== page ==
Jackson (King Kong) — who didn’t just direct but wrote the script with his regular partners Fran Walsh and Philippa Boyens, with an assist this time by Guillermo del Toro (Hellboy II: The Golden Army, Pan’s Labyrinth) — lavishes love on everything he presents here, but every time the focus wanders away from Bilbo, we lose the sense that there is a coherent, primal story to be told. We don’t need the full and complete history of the dwarf city under the Lonely Mountain far from the Shire to understand why deposed dwarf king Thorin wants to take it back from Smaug, the dragon, who now lives there. It’s nice for actor Richard Armitage (Captain America: The First Avenger, Robin Hood) that Jackson chose to make his Thorin this trilogy’s Aragorn, all noble and lonely and angsty and still-not-king, because Armitage is wonderful in every possible way and I hope this makes him a huge star, because he totally deserves it and I long to see him more on the big screen. But that’s not really a good reason to take a story called The Hobbit that is about a hobbit and make it about Thorin. Also too: Jackson tries to force a sense of the epic upon this, but this story lacks the existential threat that Lord of the Rings has. Middle-earth is not in crisis. Some dwarves want to get their gold back from a dragon. That’s it. There’s nothing urgent about this, and no amount of lurching from action setpiece to action setpiece can make us feel an urgency that isn’t there. Tolkien’s Hobbit is sort of a mock epic, in which the leaving behind of a handkerchief is mock tragic. And yes, there is the event, to be seen in retrospect as momentous, in which Bilbo acquires a magic ring later discovered to be the One Ring of Power forged by the mighty Sauron, etc… but it’s only later that the enormity of this happenstance is known. Jackson should have trusted the viewer to bring in our own awareness of the Vital Importance of Certain Events here. But he doesn’t. He wants to take a little side trip into, say, roundtables of Gandalf (Ian McKellen: The Golden Compass, Stardust) and Elrond (Hugo Weaving: Cloud Atlas, Happy Feet Two) and Galadriel (Cate Blanchett: Hanna, Robin Hood) holding high-level magical discussions at Rivendell of the Vital Importance of Certain Events. In the book, Gandalf keeps wandering off on the mysterious business of wizards, leaving Bilbo and the dwarves to wonder just what the hell he’s up to. But there’s no mystery here. It’s all so on-the-nose. It loses all possibility of being metaphoric — in the same way that Jackson’s Lord of the Rings felt like it was commenting on our world, particularly in the immediate wake of 9/11, when the first film was released — by making itself so concrete.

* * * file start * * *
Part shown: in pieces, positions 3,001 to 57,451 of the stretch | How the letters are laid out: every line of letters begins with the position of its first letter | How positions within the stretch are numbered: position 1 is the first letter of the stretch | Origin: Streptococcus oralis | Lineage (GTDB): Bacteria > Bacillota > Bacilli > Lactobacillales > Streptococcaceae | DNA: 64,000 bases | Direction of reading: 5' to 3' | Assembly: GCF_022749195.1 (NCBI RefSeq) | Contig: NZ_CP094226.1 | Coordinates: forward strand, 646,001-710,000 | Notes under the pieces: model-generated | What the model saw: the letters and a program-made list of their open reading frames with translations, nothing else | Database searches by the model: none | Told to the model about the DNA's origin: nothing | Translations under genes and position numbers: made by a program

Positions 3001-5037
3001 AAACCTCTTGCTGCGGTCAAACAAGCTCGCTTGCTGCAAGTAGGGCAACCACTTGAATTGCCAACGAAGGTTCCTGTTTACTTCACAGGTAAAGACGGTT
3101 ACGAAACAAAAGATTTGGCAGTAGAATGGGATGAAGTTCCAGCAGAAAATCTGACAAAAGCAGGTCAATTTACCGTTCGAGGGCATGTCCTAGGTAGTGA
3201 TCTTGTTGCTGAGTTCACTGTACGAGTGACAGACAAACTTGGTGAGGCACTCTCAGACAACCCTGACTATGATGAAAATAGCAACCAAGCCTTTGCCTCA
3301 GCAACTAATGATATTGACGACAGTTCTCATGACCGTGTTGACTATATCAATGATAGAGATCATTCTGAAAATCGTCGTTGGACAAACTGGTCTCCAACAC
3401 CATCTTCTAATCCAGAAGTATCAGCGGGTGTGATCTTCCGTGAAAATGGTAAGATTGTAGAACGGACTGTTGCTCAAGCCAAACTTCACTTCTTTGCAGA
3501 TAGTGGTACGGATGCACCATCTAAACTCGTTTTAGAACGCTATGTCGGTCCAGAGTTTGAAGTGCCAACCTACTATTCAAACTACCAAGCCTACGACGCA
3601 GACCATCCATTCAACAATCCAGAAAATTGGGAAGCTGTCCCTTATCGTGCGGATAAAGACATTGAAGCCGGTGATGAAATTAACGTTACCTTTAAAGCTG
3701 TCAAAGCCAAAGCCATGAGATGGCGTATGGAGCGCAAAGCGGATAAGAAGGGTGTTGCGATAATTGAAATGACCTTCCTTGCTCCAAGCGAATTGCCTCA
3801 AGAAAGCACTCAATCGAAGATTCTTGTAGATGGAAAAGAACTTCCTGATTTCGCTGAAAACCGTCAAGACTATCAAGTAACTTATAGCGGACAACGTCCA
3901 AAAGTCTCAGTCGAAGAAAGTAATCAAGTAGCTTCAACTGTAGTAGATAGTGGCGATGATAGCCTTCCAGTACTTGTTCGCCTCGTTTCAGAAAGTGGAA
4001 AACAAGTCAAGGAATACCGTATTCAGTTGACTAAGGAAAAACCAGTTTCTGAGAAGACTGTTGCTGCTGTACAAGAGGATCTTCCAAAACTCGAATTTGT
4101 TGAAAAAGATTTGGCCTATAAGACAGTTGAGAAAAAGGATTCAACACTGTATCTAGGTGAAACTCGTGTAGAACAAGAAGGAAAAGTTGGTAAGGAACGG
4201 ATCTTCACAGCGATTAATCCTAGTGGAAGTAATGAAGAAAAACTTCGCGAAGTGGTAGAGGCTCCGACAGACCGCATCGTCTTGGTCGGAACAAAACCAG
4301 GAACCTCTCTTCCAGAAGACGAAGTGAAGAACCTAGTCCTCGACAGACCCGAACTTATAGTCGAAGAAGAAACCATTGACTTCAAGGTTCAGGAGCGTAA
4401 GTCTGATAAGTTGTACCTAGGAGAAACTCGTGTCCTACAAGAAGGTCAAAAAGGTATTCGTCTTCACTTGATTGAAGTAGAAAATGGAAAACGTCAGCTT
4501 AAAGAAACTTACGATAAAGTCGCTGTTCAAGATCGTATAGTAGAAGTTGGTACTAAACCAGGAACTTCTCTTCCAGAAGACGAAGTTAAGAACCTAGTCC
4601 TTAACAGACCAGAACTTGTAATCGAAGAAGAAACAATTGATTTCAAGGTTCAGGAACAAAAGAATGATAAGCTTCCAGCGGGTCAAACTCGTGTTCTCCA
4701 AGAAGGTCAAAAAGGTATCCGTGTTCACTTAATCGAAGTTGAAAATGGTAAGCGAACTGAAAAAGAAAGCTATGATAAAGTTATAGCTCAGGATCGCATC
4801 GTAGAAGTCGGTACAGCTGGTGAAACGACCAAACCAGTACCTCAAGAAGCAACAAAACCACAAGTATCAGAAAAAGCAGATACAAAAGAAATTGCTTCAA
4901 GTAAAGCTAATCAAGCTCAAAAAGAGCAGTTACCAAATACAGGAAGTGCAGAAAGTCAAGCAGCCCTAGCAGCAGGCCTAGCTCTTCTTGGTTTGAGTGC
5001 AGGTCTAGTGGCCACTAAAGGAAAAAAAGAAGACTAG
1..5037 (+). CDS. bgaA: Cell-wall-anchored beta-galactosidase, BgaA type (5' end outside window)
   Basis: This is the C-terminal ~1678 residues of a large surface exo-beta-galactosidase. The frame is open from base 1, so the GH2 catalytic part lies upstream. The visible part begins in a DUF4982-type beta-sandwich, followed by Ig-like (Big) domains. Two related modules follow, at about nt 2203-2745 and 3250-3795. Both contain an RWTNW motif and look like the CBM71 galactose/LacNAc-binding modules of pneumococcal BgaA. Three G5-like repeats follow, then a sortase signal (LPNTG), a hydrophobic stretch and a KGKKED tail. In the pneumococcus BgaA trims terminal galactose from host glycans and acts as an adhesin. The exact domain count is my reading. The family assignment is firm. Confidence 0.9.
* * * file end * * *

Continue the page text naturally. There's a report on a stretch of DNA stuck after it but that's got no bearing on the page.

Here’s the thing. Tolkien was constantly rewriting his stuff to bring it all into line with his grand vision, which he was ever developing. In the 1960s, he tried to rewrite The Hobbit, which was first published in 1937, to bring its tone in line with the heroic somberness of The Lord of the Rings. And he couldn’t do it. He found that it ruined the essential hobbitness of The Hobbit, the light adventure and the comedy and the airiness of it. Jackson is trying to do what Tolkien failed to do, and though the filmmaker makes sure there’s plenty of dwarf-belching and troll-snot and other blithe grossness in the mix, it’s plain that Tolkien was right: you cannot force grandeur onto a story about a hobbit for whom losing the buttons off his waistcoat remains a calamity even after he’s been traveling with uncouth dwarves for a while. The button-losing is here in the film, but to concentrate on it feels out of whack. That’s not how it should be.